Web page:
Imagine my surprise

Friday after my last class of the semester, I went to the library on-campus to check out a couple of disability studies books to read over the next couple of slow weeks. After finding the books I was looking for, I started to browse the other disability studies books on the shelf. One of the books that caught my attention was called Unruly Bodies: Life Writing by Women with Disabilities. My first thought was “Oh, I wonder who’s included here.” I turned the book over to read the back cover, only to find much to my surprise that I was one of the writers being written about. Kind of flattering but also kind of weird at the same time. So of course I had to check the book out and read the chapter to satisfy my curiosity.

It’s funny reading academic writing about my writing. Because I’m not really an academic, the language of post-modernism and post-structuralism isn’t familiar or easy for me, all of which is to say that some of what I read doesn’t make sense to me. And some of it is just different from my intention. Of course there is nothing new or surprising to me that readers’ responses to my work differ from my writerly intentions. I’m bemused by some of the differences. I’m claimed as a self-defined “feminist hick,” and certainly I claim the word feminist and explore the word hick, but I don’t put the two together. But here’s my favorite: “Exile and Pride respells its authors name, presenting her as Eli rather than Elizabeth Clare….” This framing of my name change differs so immensely from the way it actually happened at the time.

In 1998 when I was working with South End Press to finish Exile, I had just started using the name Eli, some folks knew me by my old name and others by my new name and still others were making the slow transition from old to new. It was an awkward, uncomfortable, and exciting time, acknowledging my trans self and bringing that self into the world with a new name. I lived a somewhat double life, juggling two names, two pronouns, two restrooms, and more external perceptions of my gender than I care to count. I struggled long to figure out which name I wanted on the cover of Exile. On one hand, I had been publishing in periodicals under my old name for over a decade, and I was still trying on Eli. On the other hand I adored being called “Eli,” and it had started to truly fit. In the years since the publication of Exile, I’ve been more than grateful that I decided upon my new name for the front cover. And now my new name is no longer new but simply my name.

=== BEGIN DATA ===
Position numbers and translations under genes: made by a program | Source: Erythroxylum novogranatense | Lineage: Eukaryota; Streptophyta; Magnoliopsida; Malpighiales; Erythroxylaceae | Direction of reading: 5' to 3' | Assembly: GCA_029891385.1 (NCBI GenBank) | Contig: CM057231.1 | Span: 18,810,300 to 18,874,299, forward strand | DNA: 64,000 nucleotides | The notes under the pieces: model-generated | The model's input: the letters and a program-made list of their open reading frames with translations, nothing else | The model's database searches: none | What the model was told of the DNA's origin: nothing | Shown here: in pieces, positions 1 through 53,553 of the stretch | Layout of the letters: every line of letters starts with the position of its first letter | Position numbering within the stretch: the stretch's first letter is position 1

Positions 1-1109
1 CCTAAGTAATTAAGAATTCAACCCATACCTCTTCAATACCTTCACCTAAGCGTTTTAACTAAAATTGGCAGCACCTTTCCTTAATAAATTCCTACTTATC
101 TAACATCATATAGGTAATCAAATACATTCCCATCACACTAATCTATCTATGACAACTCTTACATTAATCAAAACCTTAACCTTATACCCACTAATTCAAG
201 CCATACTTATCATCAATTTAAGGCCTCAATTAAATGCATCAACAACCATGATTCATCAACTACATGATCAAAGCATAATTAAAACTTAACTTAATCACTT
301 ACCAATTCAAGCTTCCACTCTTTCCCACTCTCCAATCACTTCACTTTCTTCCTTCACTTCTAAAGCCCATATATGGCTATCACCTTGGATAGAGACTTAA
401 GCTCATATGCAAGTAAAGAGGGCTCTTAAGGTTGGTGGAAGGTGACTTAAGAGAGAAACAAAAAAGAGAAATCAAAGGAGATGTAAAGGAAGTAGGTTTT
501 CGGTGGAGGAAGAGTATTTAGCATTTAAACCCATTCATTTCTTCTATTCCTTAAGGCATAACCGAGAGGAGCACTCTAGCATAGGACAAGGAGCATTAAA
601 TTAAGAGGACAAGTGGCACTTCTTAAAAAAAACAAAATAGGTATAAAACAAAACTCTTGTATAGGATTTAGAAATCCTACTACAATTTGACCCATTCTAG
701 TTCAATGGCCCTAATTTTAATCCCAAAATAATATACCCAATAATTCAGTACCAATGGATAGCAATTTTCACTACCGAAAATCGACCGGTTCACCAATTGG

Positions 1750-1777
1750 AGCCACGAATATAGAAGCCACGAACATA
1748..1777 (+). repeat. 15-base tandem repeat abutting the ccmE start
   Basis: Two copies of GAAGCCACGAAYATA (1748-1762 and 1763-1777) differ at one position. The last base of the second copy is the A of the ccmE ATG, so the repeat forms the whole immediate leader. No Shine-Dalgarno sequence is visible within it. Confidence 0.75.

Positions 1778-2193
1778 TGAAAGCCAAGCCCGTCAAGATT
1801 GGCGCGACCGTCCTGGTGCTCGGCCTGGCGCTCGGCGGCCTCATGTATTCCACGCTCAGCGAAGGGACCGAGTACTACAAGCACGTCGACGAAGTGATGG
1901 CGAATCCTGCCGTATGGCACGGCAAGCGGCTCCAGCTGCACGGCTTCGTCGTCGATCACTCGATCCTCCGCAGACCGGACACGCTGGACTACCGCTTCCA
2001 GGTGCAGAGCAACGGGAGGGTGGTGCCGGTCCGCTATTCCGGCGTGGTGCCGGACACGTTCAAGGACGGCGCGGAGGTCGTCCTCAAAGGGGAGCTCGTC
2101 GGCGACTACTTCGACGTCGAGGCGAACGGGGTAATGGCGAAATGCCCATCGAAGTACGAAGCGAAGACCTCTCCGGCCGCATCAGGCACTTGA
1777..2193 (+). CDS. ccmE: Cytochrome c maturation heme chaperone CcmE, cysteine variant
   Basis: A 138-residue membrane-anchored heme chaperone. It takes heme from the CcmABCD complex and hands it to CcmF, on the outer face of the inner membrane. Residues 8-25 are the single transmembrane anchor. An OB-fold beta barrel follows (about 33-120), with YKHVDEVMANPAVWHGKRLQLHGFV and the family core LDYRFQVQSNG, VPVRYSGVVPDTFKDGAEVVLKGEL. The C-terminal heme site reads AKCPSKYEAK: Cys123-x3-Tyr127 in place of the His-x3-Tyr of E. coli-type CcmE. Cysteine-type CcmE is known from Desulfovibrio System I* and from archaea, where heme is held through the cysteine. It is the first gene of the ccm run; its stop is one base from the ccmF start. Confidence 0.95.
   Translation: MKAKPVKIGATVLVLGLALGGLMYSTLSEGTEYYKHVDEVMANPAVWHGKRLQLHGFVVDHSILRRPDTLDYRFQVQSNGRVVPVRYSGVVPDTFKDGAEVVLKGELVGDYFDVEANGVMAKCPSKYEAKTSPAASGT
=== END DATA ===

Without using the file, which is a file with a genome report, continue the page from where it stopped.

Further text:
Telling this story isn’t meant to judge one academics reading of my name change but to remark on the difference between internal experience and external reality.

Annette Marcus said,

March 26, 2009 @ 7:11 pm

As an old Holly Near fan, of course I had to read this entry!

One of the things about being a writer who is read and discussed, is that you actually get to experience the sort of fun house mirror effect of your words going out into the world and being reflected back with so many different variations.

I know this is, in fact, what all communication is like, but I like to hold onto the illusion that what I say and what I mean are being received by the people I talk with. Really, publishing writing is the bold act of letting go of any sort of control. Liberating and scary, I would think.

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April 15, 2016 @ 6:02 am

I love this post very much.It is that you actually get to experience the sort of fun house mirror effect of your words going out into the world and being reflected back with so many different variations.

agen domino said,

May 14, 2016 @ 10:32 am

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